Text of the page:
A loan of $525 helped to purchase cloth, zippers, hooks, threads, and buttons.

Johnstone's story

Johnstone Kyalo M. is a 31-year-old married man with one child. He lives in Mlolongo, an informal settlement along the Mombasa-Nairobi highway. Kyalo also takes care of his aging mother and two children from his paternal uncle, who is unemployed and cannot take care of them. Kyalo has to make sure that his uncle’s children go to school, are clothed, and eat healthy food daily.

Kyalo started his business in 2005 after 4 years of working at the Kulshan tailoring shop in Nairobi. During this period (2000-2005), Kyalo was employed by an Indian national, and his job was to sew round buttonholes. After some time, Kyalo realized that sewing round buttonholes was a dead-end job, and he approached a colleague, asking to be trained as a tailor. His colleague accepted, provided Kyalo paid for the training. Kyalo trained for 3 years and became an expert tailor.

In April 2005, Kyalo decided that it was no longer worthwhile to stay in his job, and he left to start his own business. Armed with Ksh. 15,000 (USD 214) that he had saved over time, Kyalo bought a second-hand sewing machine and some cloth, and he started tailoring skirts and dresses for small girls. He took these dresses to the open-air market, where they sold like hot cakes. The business is doing well.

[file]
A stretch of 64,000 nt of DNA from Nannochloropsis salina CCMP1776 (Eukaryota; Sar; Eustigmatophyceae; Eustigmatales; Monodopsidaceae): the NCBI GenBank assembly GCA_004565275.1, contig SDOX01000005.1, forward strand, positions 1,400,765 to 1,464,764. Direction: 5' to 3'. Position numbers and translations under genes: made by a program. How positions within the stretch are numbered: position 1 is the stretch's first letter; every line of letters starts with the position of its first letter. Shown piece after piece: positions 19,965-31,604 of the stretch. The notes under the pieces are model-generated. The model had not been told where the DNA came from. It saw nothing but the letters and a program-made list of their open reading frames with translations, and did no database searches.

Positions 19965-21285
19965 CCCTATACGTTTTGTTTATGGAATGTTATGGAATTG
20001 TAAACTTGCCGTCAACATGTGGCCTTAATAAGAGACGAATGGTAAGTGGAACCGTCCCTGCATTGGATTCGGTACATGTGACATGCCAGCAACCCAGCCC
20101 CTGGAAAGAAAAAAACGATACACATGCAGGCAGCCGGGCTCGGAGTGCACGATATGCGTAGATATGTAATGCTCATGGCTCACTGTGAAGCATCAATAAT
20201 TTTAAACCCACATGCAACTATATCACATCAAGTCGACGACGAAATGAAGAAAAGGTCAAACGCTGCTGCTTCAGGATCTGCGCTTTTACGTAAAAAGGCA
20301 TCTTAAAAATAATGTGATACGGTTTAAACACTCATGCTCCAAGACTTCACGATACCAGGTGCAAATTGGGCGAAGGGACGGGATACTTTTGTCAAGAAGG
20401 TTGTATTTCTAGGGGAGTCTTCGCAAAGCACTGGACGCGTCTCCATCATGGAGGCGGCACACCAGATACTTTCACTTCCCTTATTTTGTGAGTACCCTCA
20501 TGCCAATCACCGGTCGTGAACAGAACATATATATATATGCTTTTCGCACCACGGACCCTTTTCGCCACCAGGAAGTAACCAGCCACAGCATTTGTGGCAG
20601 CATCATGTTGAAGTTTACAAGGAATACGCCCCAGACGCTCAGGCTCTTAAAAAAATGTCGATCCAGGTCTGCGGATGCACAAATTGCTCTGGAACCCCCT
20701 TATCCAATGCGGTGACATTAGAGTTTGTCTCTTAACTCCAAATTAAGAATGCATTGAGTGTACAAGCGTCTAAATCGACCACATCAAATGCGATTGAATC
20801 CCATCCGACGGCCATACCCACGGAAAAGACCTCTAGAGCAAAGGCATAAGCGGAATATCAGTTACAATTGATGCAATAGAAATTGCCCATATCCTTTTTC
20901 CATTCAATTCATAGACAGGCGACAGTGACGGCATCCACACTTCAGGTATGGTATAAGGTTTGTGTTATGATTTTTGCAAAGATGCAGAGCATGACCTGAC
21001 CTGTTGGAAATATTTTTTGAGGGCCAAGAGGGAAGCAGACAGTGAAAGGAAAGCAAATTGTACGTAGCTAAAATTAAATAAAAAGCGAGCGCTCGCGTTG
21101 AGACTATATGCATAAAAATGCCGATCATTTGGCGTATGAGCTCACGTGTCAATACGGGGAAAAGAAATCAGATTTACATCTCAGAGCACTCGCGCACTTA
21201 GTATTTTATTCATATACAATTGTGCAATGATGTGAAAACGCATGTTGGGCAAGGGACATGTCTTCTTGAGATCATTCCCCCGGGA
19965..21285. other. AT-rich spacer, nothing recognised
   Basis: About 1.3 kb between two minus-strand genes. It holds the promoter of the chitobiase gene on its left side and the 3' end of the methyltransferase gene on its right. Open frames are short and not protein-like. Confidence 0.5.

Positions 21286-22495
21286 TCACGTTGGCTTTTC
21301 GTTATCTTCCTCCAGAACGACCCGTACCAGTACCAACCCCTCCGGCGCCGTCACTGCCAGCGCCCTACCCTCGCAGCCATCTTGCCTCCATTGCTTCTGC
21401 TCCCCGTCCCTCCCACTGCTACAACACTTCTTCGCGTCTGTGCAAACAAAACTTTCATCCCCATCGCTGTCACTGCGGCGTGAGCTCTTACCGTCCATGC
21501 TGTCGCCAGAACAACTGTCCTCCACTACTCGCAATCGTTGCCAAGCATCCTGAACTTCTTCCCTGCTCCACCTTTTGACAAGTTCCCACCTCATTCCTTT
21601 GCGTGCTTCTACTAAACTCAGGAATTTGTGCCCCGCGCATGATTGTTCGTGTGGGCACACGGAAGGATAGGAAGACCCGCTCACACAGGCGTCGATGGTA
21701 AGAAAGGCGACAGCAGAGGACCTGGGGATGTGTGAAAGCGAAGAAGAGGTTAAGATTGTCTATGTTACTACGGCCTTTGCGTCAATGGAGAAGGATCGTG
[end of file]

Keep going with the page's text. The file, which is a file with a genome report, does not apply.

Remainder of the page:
Now Kyalo wants to expand his business, because he gets more clients every day. He now employs 3 helpers, creating employment opportunities in the community.

Johnston Kyalo is kindly asking for a loan of USD 525. With the loan, he intends to purchase more cloth and other materials, including zippers, hooks, thread, canvas, shoulder pads, buttons, and lining materials. He hopes to set a shining example of self-employment. He intends to pay back the loan, within 8 to 14 months.

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Loan details